The Basics: Why stress reduction is important
Chronic stress is a major underlying condition that contributes to many chronic diseases. It’s a common risk factor for 75-90 percent of chronic diseases, including illnesses that result in morbidity and mortality. Stress affects our health because of the way it overdrives our sympathetic nervous systems. There are direct nerve connections between our brains and every organ in our bodies. The brain secretes hormones when we’re stressed that travel through the blood and affect all our organs and every cell in our bodies.
Because of these stress hormones and overstimulation of the sympathetic nervous system, we can significantly increase our risk for chronic diseases like cancer, dementia, obesity, coronary heart disease, diabetes, and arthritis, just to name just a few.
The mechanism of action for these chronic conditions - resulting from stress - include chronic inflammation, immune system dysfunction, depression, stress hormones, shortening of telomeres, gene expression, effects on the microbiome, increase in oxidative stress, negative effects of cellular metabolism, apoptosis, angiogenesis, and stasis.
Types of stress: Acute vs chronic. Physical vs emotional.
There is good stress - short-term controlled, resulting from planned activity. Hormesis is a good thing. You can get things done. Acute stress (short term from planned activities), can have a beneficial effect caused by exposure to low doses of an agent known to be toxic at higher doses. Call it EUSTRESS. It is a biphasic response.
It’s stress resulting from unplanned, subconscious, repetitive patterns, which is harmful. That is chronic stress. A typical cycle goes through these 9 steps.
Another thing to consider… is it perceived stress or actual stress? One can be biological or physical vs. emotional or psychological. It’s our reaction to stress that is more important. So, if you feel stressed, you are stressed.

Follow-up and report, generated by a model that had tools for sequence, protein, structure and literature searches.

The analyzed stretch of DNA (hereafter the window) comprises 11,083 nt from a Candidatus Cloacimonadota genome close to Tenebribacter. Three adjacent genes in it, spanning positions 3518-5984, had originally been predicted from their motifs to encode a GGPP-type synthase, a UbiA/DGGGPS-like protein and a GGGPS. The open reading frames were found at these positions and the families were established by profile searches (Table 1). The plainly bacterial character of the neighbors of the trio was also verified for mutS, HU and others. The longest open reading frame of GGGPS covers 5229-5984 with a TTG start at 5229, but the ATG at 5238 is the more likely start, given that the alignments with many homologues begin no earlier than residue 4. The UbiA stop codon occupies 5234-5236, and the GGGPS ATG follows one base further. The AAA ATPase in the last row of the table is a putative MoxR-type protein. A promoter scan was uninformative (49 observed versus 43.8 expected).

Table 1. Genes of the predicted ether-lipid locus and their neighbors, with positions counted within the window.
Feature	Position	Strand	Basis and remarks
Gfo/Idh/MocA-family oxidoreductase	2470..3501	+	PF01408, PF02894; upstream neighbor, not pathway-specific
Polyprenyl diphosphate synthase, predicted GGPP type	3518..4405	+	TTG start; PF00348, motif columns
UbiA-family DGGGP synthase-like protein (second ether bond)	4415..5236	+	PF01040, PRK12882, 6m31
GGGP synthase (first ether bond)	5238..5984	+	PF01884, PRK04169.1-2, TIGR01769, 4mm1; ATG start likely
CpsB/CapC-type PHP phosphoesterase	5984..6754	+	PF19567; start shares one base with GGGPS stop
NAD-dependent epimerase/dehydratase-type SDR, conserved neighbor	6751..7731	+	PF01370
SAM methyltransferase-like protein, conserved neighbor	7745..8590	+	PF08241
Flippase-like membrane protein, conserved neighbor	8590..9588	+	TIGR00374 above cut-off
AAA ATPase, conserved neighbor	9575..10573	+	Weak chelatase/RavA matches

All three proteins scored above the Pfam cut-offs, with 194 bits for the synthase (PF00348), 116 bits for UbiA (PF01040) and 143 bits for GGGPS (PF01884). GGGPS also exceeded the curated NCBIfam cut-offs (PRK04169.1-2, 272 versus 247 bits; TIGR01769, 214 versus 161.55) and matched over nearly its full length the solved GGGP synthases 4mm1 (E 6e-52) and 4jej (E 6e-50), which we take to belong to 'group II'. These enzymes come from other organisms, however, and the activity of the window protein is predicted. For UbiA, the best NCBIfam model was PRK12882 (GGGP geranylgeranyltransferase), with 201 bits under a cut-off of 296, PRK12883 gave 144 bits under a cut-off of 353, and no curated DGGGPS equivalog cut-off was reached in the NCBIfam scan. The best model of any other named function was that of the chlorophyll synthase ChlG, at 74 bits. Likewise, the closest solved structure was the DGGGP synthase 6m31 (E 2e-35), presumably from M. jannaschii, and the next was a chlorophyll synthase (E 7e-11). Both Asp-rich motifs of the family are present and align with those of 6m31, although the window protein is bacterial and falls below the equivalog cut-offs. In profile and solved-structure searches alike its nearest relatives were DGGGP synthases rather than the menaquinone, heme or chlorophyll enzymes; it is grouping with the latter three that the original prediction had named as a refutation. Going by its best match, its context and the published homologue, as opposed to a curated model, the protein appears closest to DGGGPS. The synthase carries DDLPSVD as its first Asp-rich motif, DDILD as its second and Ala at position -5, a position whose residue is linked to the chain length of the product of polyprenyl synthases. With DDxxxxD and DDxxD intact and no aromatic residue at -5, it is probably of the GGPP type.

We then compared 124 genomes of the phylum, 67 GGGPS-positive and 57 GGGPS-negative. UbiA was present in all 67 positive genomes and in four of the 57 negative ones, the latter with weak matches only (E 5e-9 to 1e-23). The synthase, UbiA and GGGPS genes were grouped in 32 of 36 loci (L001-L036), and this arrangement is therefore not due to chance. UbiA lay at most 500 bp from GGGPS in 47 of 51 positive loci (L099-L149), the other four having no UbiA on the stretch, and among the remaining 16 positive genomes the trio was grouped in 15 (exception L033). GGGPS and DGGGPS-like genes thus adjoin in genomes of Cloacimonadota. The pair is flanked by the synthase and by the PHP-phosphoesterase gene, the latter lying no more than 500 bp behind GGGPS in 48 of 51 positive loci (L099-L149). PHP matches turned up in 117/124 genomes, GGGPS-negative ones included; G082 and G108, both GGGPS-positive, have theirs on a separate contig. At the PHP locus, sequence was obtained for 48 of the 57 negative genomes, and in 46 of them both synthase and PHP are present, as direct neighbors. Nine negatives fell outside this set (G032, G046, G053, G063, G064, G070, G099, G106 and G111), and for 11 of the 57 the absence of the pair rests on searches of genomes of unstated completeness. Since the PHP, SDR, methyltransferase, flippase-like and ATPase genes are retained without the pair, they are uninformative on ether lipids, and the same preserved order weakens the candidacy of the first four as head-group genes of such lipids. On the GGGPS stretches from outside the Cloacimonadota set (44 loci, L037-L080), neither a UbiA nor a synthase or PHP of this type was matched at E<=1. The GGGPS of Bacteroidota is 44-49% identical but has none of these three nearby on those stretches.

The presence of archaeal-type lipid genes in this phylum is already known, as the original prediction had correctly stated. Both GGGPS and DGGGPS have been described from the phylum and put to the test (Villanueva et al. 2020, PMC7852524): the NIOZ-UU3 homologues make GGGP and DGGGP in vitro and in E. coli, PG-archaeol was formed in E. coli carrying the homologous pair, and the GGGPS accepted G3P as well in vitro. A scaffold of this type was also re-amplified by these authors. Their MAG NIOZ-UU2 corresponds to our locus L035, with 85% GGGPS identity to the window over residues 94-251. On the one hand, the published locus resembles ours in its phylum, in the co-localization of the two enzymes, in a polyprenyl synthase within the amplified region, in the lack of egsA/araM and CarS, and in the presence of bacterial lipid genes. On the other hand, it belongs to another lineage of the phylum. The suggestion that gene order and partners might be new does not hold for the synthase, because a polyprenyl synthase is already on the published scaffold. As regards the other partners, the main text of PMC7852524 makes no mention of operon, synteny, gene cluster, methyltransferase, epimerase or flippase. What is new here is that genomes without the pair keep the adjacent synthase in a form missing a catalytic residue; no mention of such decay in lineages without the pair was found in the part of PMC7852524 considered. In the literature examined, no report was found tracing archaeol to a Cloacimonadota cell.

Fortunately, how you respond to stress can be changed. If you have a ‘short fuse’ sometimes, you can work on making it longer! We can empower ourselves with healthier, more productive ways of responding to the stress in our lives. At any age, adherence to stress management techniques strongly correlated to the degree of reversal of heart disease, as an example. Remember, an ounce of prevention can be a pound of cure! We make time for what matters to us.
Your attention span and the effects stress has on you are related. Reduce distractions - both inner and outer factors. Be conscious of your brain's tendency to look for irrelevant focus. Selecting a consistent time of day and location to work on your stress management, will increase your chances of success. Find time to meditate, to replace excessive use of social media and other ‘screen time’.
Harvard researchers have found that meditation alone can change the expression of genes that regulate inflammation, programmed cell death, and oxidative stress in only a few weeks.
Neuroplasticity is real. It changes brain structure and function by generating new cells and pathways. Lifestyle changes can actually increase the size of the hippocampus, a place in brain for memory. One can rewire the brain, nurturing and reinforcing positive emotions.
Calculating your stress level:
- Your situation: whether an internal event or external event.
- Your interpretation: This is the personal meaning you give to the situation.
- Your body response: sensations you feel in the body.
- Your emotions: These are our attempts to put a label on the combined experience of our interpretation of the situation and our bodily function.
- Your behavioral response: Your experience of an urge and behavior in a certain way.
Stress and Anxiety Reduction measures:
- Gentle stretching
- Breathing techniques
- Guided imagery
- Deep relaxation
Creating your stress reduction plan:
- Keeping thought record: situation, emotion, thoughts, evidence for, evidence against, balanced thoughts, action plan.
- Countering negative thoughts about your emotions; become a good observer of your emotional experience.
- Changing your behavior: Ease the agitation, strategies of gaining comfort.
- Strategies to manage boredom: enroll in an interesting class, develop new hobby, join a club, volunteer, new friendship, learn a new skill, consider a job change, local art gallery membership, read a book.
- Strategies to reward yourself: Buy yourself a new outfit, make a date with a friend, spa appointment, or plan a vacation.
Putting the plan into action:
- I am too busy
- I am too tired
- It doesn’t work
- I don’t enjoy it
- I have an injury
- I have to calm down before I start
- I fear ‘feeling’
- I get bored
Setting up the practice:
- Choose a regular time
- Choose a place in your home
- Make sure that space is comfortable
- Practice on a floor or chair
- Have a blanket, chair, and pillow
- Aim for an hour minimum
- Set your timer